5. Only remove the lower bolt on the caliper. Then swing the caliper up using the upper bolt as a pivot point. There are a couple of reasons for this but one is that it makes it easier to push in the pistons if you still have to do so, another is that the factory pad kit comes with 2 new bolts, one for each side. Technically you shold not reuse the caliper retaining bolts but most aftermarket kits don't come with them. If you must reuse the bolts then follow these instructions:

Important: If reusing the lower caliper pin bolt, the threads of the lower caliper pin bolt and the threads of the caliper bracket mounting holes must be free of residue and debris prior to application of threadlocker in order to ensure proper adhesion and fastener retention.

If reusing the caliper pin bolts prepare the bolt and the threaded hole for assembly:
• Thoroughly clean the residue from the bolt threads by using denatured alcohol or equivalent and allow to dry.

• Thoroughly clean the residue from the threaded holes by using denatured alcohol or equivalent and allow to dry.

Apply threadlocker GM P/N 12345493 (Canadian P/N 10953488), or equivalent to 2 /3 of the threaded length of the lower caliper pin bolt. Ensure that there are no gaps in the threadlocker along the length of the filled area of the bolt.
Allow the threadlocker to cure approximately 10 minutes before installation.
Apply a thin coat of high temperature silicone lube to the front brake caliper guide pin.

6. Finally, always be sure to torque the fasteners you removed to specification. In this case it would be 46 lb. ft. for the front and 44 lb. ft. for the rear.

Pump the brake pedal several times before attempting to move the vehicle!
If you don't then the brakes won't work when you go to move the car.
Then make sure the fluid level is correct and follow manufacturer instructions for pad break in.

Thanks to Kael for taking the time to make some pictorial instructions.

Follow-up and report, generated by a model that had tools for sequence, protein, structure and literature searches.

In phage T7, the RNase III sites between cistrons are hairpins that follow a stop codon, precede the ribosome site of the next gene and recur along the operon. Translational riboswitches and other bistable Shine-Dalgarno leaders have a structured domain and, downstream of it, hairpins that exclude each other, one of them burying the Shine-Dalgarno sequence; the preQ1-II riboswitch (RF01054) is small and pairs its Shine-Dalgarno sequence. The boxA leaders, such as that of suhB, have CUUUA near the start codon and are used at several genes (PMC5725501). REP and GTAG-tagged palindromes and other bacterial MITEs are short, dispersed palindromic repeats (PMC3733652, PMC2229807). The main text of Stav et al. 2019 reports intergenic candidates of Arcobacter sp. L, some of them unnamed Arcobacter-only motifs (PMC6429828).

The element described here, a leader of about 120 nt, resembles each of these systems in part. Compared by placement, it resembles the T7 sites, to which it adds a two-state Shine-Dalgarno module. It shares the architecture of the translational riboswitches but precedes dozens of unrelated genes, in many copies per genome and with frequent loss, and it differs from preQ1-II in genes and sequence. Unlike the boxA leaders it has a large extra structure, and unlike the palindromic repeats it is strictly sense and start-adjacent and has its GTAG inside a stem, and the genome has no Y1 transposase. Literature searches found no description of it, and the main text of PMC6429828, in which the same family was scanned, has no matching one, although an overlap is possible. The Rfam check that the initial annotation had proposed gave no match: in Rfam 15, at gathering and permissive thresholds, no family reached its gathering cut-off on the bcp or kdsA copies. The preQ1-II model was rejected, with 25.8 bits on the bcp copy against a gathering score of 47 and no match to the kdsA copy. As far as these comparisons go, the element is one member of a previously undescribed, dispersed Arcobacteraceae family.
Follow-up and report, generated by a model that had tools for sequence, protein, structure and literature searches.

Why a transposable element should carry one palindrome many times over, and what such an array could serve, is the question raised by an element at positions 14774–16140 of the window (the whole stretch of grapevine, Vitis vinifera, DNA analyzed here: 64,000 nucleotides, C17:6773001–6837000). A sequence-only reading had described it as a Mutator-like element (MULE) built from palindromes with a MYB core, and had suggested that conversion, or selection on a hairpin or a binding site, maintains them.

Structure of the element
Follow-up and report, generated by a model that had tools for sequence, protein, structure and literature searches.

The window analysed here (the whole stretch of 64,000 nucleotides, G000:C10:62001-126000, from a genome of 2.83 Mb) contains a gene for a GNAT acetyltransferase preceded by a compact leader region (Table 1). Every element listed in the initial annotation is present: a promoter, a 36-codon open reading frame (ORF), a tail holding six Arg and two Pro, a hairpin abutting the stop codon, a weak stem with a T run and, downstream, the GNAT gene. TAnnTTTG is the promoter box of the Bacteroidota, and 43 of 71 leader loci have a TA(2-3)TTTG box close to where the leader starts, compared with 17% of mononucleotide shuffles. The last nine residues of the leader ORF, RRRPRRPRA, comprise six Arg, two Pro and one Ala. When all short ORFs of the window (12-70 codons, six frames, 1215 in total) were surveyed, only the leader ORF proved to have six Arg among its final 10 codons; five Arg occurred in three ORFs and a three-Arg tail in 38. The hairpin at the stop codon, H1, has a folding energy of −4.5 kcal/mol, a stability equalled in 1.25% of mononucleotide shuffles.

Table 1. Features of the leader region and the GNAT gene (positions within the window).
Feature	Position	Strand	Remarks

12-21-06, 11:17 PM
OK good write up but let me add some professional advice and points here.
One thing you should think about is if the rotors are thick enough it is much better to find a local shop to turn your rotors on car as this will allow for the run out in the hubs also.
A big thing to note is unlike what was said the black crud IS going to cause pedal problems if left to accumulate.
Another point I must make is that brake fluid is HYGROSCOPIC which it means it absorbs moisture and can even pull it from around the seals and gaskets and THRU the hoses.
Now this is very minute but it does occur. Another thing is that because of the HYGROSCOPIC qualities if you have one drop of water it mixes with ALL of the fluid in the system and can reduce boiling points and cause spongyness.
So before you ever start this open the master cylinder cap after cleaning around it, suck all of the fluid out of the master cylinder, even down to the little round cavities and wipe out all of the black crud too.
Then fill it back up with either dot 3 or dot 4 brake fl;uid, then as you are doing your brakes you can use clear vinyl tubing , open the bleeders (you can free up corroded bleeders by taping the area around the bleeder like removing tie rods/ball joints) and let the brake fluid flow and push the pistons back in while its open too.